Question Video: Measurement Accuracy and Precision Physics • 9th Grade

Which of the following statements most correctly describes the meaning of the precision of measurements? [A] A precise measurement is more accurate than an accurate measurement. [B] The more precise the measurement of a quantity is, the closer the measured value is to the actual value of the measured quantity. [C] A precise measurement is made using a correct measurement method. [D] The more precise the measurement of a quantity is, the smaller the predictable change that can be made between the measured value and other measured values of the same quantity.

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Video Transcript

Which of the following statements most correctly describes the meaning of the precision of measurements? A) A precise measurement is more accurate than an accurate measurement. B) The more precise the measurement of a quantity is, the closer the measured value is to the actual value of the measured quantity. C) A precise measurement is made using a correct measurement method. D) The more precise the measurement of a quantity is, the smaller the predictable change that can be made between the measured value and other measured values of the same quantity.

Okay, we can see that the answer to this question is all about the specific meaning of the word precision when it comes to making measurements. We have these four different candidates for the most correct description of the precision of measurements. So let’s go through them one by one and evaluate each in turn.

Option A says that a precise measurement is more accurate than an accurate measurement. Now, one thing this option gets right is that it acknowledges that there’s a difference between a precise measurement and an accurate measurement. They don’t mean the same thing. But what it doesn’t get right is in claiming that a precise measurement is more accurate than an accurate one. Because precision and accuracy are two different terms with two different meanings, a precise measurement will not be more accurate than an accurate one. We can cross off option A then.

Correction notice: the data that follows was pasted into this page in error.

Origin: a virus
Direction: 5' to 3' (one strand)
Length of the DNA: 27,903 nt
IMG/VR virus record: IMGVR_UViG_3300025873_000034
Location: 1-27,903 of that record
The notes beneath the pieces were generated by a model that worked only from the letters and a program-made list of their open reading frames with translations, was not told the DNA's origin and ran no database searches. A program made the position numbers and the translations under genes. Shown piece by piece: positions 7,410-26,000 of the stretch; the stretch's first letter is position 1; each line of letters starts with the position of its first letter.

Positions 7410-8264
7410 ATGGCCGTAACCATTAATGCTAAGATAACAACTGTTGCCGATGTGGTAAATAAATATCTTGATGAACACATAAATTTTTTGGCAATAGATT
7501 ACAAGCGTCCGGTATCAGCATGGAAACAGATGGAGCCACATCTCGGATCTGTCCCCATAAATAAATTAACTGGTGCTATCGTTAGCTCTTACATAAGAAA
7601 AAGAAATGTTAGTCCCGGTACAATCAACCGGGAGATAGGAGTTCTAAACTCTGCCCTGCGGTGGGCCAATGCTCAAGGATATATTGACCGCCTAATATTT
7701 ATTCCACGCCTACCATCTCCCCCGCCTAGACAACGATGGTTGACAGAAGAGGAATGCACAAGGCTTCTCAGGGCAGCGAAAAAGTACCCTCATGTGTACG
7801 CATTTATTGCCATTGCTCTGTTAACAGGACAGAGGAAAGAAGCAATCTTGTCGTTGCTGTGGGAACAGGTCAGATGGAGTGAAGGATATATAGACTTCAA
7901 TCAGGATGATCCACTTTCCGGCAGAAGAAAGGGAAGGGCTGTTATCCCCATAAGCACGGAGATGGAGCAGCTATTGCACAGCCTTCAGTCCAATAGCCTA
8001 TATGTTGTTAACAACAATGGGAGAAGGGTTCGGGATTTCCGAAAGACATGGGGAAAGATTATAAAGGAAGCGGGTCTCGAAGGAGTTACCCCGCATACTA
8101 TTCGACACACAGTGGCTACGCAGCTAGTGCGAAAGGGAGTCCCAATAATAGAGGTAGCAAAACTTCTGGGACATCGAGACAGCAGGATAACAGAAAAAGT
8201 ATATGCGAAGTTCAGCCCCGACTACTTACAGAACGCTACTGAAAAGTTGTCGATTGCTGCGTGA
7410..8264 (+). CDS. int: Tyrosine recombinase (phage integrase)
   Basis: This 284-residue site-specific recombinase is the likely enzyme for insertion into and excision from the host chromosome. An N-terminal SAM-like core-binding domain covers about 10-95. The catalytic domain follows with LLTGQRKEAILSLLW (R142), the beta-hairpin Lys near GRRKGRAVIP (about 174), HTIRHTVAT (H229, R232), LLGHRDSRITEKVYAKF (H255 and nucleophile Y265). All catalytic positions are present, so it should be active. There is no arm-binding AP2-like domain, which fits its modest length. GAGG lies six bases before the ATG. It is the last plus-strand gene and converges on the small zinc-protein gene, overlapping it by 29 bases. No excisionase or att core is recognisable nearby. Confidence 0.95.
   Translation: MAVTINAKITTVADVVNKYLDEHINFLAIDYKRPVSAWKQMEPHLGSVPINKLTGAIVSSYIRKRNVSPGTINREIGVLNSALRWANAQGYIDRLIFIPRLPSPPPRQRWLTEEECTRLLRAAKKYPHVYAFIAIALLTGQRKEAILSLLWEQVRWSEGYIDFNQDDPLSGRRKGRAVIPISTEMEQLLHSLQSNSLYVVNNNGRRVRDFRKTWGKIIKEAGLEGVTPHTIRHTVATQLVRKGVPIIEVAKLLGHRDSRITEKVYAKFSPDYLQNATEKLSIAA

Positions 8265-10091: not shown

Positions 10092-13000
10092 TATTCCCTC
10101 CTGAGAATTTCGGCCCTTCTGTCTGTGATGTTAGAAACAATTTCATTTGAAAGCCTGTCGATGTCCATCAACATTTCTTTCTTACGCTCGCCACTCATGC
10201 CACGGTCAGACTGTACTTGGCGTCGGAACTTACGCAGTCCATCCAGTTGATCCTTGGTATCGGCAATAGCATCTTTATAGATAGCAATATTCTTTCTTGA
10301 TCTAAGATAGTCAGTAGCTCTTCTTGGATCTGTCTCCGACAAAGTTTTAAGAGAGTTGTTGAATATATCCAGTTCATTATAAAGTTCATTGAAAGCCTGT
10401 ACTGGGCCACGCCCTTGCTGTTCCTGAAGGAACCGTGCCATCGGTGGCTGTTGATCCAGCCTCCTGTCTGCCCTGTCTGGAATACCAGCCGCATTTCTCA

Option B says that the more precise the measurement of a quantity is, the closer the measured value is to the actual value of the measured quantity. So option B is saying that we have these two values: a measured one and the actual correct one for some quantity. And it says that the closer these two values are, the more precise the measurement is. But this statement is confusing the terms for precision and accuracy. If we replace this word “precise” with the word “accurate,” then this description would be correct. The closeness of a measured value to an actual true value is the meaning of an accurate measurement. But because precision and accuracy don’t mean the same thing, Option B is not a correct description of a precise measurement.

Moving on to option C, this says that a precise measurement is made using a correct measurement method. Well, it’s certainly more likely that using a correct measurement method will lead to a precise measurement. But that’s not always the case. It’s possible, for example, to have a correct measurement method. But the way we carry out that method has errors in it. And those errors, which would influence the measurements we would make, might lead to imprecise measurements. Overall then, option C is not looking like a great choice. But because it’s not explicitly incorrect, let’s table it for now, keep it in mind, and then move on to our last choice, option D.

This option says that the more precise the measurement of a quantity is, the smaller the predictable change that can be made between the measured value and other measured values of the same quantity. Now here’s what this description is saying. Let’s say that we have some true value for a quantity. And we’ll call that value 𝑉. This could be the length of an object or its mass. But the point is it’s the accurate representation of that quantity. In order to discover what that correct quantity is, we make a series of measurements. We can say that the result of our first measurement is 𝑀 one. And then we make another measurement 𝑀 two, another one 𝑀 three, and so on. We can make any number of these measurements attempting to figure out the true value of the quantity we’re interested in.

Now, statement D is not talking about this true value 𝑉. What it’s comparing is the different measured values of this quantity one to another. And it’s saying that the smaller the difference between these measured values, the more precise our measurement is. And this is a good description of measurement precision. It compares measured values to one another and says the closer they are to one another, the more precise our measurements are. Since option D is an explicitly correct description of the precision of measurements, we choose this as our answer.

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